OPEN MEETINGS -- An investigative video interview program, the Full Disclosure Network, is charging that recent Los Angeles County Board of Supervisors meetings with California Congressional officials in their Washington, D.C. offices—although announced as public forums—were closed to observers in violation of the Brown Act, reports Dennis Romero for LA Weekly.
The meetings took place May 5 and 6 as all five members of the powerful elected body were in town to lobby for federal dollars. Full Disclosure states that its representatives were barred from five of ten meetings that were announced, in accordance with state law (PDF), 72 hours in advance as open-to-everyone public forums.
"I felt that there were deals going on away from the public eye and the public wasn't really wanted at these meetings," said Janet Levy, who attempted to attend all the meetings with a camera crew in tow. The meetings she and her crew were shut out of included events at which only two supervisors were attending. Three or more supervisors need to attend a forum in order for the open-meeting law to apply.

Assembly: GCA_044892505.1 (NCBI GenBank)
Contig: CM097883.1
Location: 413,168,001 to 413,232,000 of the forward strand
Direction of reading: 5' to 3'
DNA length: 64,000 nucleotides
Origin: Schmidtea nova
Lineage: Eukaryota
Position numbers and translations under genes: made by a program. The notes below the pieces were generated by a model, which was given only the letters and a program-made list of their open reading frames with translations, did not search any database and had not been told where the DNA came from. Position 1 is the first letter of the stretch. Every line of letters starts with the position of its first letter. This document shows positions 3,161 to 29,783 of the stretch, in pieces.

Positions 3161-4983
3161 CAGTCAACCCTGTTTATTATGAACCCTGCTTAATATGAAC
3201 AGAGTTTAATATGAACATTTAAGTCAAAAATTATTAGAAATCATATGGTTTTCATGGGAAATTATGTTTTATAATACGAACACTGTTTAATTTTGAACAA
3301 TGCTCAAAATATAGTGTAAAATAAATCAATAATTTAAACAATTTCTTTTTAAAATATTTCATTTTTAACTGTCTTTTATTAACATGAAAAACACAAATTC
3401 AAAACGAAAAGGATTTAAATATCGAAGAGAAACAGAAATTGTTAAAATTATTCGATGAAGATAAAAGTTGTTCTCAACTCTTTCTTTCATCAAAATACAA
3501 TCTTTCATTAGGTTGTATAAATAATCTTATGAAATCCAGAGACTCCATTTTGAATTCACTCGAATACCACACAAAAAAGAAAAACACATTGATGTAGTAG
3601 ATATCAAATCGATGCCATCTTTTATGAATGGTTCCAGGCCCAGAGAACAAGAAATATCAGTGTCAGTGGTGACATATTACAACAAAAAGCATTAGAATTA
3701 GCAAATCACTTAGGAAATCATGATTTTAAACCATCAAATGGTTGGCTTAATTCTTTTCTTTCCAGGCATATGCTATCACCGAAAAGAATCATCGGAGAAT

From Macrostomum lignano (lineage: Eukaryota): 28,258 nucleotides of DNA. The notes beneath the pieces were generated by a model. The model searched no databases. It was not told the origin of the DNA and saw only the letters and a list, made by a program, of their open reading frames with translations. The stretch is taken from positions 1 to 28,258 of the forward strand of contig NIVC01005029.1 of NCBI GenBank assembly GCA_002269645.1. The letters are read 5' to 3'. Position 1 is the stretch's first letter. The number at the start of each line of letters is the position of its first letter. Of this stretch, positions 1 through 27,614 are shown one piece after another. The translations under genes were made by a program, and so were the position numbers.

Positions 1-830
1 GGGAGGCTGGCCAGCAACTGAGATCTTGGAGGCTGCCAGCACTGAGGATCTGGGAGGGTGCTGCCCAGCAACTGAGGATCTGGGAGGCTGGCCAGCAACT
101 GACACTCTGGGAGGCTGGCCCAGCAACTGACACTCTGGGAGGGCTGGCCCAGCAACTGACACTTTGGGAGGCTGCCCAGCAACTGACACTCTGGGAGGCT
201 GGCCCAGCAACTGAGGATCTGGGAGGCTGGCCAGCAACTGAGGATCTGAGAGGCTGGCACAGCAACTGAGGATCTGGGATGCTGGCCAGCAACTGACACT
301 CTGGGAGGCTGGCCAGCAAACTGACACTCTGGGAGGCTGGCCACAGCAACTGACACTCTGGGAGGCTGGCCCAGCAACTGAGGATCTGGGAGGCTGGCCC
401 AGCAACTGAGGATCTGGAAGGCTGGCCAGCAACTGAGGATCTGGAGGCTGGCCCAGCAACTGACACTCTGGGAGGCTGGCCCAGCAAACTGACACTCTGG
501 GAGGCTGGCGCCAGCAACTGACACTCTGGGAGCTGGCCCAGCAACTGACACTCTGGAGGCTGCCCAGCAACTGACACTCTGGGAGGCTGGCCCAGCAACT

However, Levy argued that because 72 hours notice was given that those events would be open to the public, and because 72 hours notice was not given for any cancellations of those meetings, they should have remained open.
County assistant CEO Ryan Alsop was there and tells the Weekly that Levy and her bunch were barred only from those meetings that did not feature three or more supervisors. One exception, he says, was an open board meeting at the White House: The Full Disclosure group did not get security clearance in time for the event.
Alsop says that at at least one of the meetings -- some of them were held in congressional offices as board members met with the likes of Dianne Feinstein, Henry Waxman, and Xavier Becerra -- did not have enough room for the Full Disclosure crew and that he himself had to step out to accommodate the five-person group. If more members of the public had shown up, he said, "we would have had to make other accommodations." Alsop described Levy as "disruptive and unprofessional." "She spoke out of turn," he said, "and was incredibly belligerent."